Three Civil Rights Workers Slain

On August 4, 1964, the bodies of three civil rights workers, James Cheney, Michael Schwerner and Andrew Goodman, were discovered. Over two dozen white segregationists were accused of killing the workers.

By 1964 the major effort to empower African Americans in the South was to register them to vote.

James Chaney of Meridan Mississippi, Michael Schwerner and Andrew Goodman of New York had decided to spend the summer of 1964 working to increase that vote. Schemer and Chaney spoke at the end of May at the out Zion Methodist Church in Longdale Mississippi calling on congregants to register to vote. They quickly became targets of White National in the area.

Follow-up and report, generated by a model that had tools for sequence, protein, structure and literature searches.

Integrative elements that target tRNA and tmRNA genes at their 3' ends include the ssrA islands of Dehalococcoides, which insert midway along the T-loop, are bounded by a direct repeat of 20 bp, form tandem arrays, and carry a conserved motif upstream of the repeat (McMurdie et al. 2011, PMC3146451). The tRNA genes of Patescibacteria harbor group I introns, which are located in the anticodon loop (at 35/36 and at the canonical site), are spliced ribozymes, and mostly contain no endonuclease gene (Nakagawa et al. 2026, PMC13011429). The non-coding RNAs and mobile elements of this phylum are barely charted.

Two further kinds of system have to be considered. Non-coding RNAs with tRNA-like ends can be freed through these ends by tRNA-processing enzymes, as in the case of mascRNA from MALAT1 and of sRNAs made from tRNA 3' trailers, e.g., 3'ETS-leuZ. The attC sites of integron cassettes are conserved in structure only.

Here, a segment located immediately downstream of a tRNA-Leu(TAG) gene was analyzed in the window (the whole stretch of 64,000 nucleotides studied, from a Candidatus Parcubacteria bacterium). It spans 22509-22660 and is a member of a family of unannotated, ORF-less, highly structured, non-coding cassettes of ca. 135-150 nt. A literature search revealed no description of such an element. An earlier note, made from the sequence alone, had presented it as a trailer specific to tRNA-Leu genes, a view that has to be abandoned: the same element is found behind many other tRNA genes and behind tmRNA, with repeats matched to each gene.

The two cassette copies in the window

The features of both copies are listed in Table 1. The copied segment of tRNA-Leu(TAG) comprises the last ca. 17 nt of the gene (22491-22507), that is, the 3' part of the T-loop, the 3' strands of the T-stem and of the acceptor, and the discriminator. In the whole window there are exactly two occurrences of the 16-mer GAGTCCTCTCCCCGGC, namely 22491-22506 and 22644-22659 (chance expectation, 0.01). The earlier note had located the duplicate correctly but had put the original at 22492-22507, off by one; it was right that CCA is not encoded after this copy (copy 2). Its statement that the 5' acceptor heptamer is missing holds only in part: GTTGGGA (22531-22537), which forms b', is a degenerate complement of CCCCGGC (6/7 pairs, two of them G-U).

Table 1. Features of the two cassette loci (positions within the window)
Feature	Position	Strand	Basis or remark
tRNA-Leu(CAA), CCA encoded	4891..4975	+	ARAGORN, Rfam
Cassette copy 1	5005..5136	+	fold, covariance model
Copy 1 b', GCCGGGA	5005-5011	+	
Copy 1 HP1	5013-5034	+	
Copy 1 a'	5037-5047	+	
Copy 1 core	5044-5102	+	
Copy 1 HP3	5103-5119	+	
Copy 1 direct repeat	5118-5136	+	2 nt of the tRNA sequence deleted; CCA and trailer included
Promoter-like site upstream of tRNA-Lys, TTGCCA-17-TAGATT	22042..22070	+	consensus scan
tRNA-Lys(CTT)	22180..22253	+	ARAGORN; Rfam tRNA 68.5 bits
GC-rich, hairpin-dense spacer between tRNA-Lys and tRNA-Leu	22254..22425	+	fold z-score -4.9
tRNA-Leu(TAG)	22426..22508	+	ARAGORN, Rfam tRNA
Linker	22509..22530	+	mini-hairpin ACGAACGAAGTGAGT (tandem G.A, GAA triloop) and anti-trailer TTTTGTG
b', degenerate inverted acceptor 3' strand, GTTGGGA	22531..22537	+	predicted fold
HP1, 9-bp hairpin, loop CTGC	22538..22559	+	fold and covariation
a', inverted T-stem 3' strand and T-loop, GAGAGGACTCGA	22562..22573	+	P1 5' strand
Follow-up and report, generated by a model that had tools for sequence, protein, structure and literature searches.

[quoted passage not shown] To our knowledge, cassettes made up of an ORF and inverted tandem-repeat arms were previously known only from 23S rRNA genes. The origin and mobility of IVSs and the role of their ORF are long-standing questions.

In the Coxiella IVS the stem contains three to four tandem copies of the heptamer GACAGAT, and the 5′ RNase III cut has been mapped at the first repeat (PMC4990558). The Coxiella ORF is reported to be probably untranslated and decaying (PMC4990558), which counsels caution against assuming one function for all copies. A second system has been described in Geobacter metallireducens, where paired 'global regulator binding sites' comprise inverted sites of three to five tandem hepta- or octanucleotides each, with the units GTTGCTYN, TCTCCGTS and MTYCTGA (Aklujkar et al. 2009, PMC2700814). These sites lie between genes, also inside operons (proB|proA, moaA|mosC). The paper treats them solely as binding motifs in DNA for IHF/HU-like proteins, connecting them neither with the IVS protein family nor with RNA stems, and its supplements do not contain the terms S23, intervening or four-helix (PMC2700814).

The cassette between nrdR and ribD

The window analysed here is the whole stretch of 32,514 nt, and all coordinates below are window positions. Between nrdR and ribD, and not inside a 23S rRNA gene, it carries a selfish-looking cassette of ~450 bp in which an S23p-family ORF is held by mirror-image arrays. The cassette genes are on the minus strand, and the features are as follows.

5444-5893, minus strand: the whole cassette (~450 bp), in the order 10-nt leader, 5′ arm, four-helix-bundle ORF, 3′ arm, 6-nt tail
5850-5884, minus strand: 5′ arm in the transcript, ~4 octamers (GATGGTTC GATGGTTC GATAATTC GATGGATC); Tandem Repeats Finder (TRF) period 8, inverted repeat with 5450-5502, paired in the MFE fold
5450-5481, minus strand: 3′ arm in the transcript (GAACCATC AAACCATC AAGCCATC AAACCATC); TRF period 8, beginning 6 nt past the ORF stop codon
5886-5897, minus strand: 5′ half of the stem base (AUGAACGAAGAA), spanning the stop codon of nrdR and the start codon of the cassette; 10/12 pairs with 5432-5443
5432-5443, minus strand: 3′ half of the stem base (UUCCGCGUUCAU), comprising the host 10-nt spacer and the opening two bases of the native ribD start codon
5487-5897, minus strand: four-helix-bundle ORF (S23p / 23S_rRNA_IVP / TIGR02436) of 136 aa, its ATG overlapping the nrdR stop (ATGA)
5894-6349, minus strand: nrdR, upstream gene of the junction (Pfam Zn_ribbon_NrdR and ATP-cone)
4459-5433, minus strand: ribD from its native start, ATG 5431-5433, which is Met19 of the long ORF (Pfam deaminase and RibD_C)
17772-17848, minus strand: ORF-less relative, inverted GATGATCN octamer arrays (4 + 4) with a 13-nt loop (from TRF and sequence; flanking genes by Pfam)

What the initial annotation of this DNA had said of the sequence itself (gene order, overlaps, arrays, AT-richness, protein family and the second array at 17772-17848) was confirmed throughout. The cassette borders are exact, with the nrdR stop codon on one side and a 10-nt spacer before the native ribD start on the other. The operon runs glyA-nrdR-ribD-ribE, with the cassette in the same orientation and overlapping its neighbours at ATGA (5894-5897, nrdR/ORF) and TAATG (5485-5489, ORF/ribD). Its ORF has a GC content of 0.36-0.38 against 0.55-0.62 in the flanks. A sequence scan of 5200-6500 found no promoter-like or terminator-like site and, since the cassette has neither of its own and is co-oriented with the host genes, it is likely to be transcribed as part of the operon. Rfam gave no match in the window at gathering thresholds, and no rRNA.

The church itself was burned down. On June 21, Chaney, Schwerner, and Goodman met in Meridan and decided to travel to investigate the burning of the church. The three went to Longman. On the way back to Meridan, the three were stopped by Harry Jackson Wiggs and Earl Robert Poe of the Mississippi Highway Patrol for speeding. After being released from jail, they were followed by a mob and were killed.

The three were deemed missing, and a massive search took place to find them without results. Finally, after receiving a tip, their bodies were found in August.The killings shocked America.

In October 1967 seven men were convicted of taking part in the killings and sentenced to three to ten years. In 2005 Edgar Ray Killen was indicted on three counts of murder. He was convicted of three counts of manslaughter and sentenced to consecutive 20 years sentences.